On Re-reading Quevedo’s Poetry
Was that where my life went,
a spent candle trailing dark studies
among the packed lines of your poems?
And you, was your life gutted by that
same guttering candle by whose light you
scrawled your tight black spider rhymes?
Were they all meaningless, your insights
and my words? So few now know who
you were and what you represented
and I, your scholar, a mere shadow of your
shadow struggling in the straggling
light of a far-off continent, far from content
at knowing so much about you. Intent
I was on spreading light and the word
to a world that thinks the two of us absurd.
Our world is spinning on its edge, placed
on the perimeter of space, and going nowhere.
Specks of dust we sit and contemplate
the vastness of what exactly: our fortunes,
our spirits, our houses, our power, our lands?
Out there, in the vastness that surrounds us,
worlds without end will never know we existed.
Bleak and blank our names, our deeds, our status,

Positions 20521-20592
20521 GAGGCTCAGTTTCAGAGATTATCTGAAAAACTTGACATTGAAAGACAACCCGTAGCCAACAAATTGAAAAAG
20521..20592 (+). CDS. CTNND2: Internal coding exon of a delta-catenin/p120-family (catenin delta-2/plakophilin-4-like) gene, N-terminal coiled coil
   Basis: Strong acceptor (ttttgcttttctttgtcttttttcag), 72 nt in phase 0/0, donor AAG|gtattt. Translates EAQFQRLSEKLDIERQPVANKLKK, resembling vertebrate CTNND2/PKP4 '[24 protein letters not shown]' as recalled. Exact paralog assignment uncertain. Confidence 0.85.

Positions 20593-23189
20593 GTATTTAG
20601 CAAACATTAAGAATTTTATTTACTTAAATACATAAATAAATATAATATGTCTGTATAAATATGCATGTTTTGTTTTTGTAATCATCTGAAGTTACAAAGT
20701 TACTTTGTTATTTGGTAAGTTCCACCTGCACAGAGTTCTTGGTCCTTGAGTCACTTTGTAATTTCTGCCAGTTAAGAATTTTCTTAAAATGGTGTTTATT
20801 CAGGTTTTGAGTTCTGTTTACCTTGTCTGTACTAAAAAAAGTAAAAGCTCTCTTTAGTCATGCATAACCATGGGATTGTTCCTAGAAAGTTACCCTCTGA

the statues they raise in our praise. And what of
our thoughts, those sparks of electricity
that link us lip to ear and mind to action
and each of our actions transformed by a dance
performed by circling planets that shape our wills?
Who programs that universe now? Who plays
what trivial games of snakes and ladders
in which we are the dots and dashes, pinballs
among a million trillion strings of flashing lights?
2 thoughts on “On Re-reading Quevedo’s Poetry”
This must have been a challenging poem to write (to conscience!) You introduced me, an average reader, to Quevedo; imagine the poorer readers who stand no chance of knowing him or you! Still, we read, and then, we write. Well done. Chuck
On Fri., Mar. 5, 2021, 3:14 a.m. rogermoorepoet, wrote:
> rogermoorepoet posted: ” On Re-reading Quevedo’s Poetry Was that where my > life went,a spent candle trailing dark studiesamong the packed lines of > your poems? And you, was your life gutted by thatsame guttering candle by > whose light youscrawled your tight black spider r” >
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Quevedo is one of the most famous poets of Spain’s Golden Age. I chose to study him because he is so difficult, and so little understood, even by native speakers of Spanish.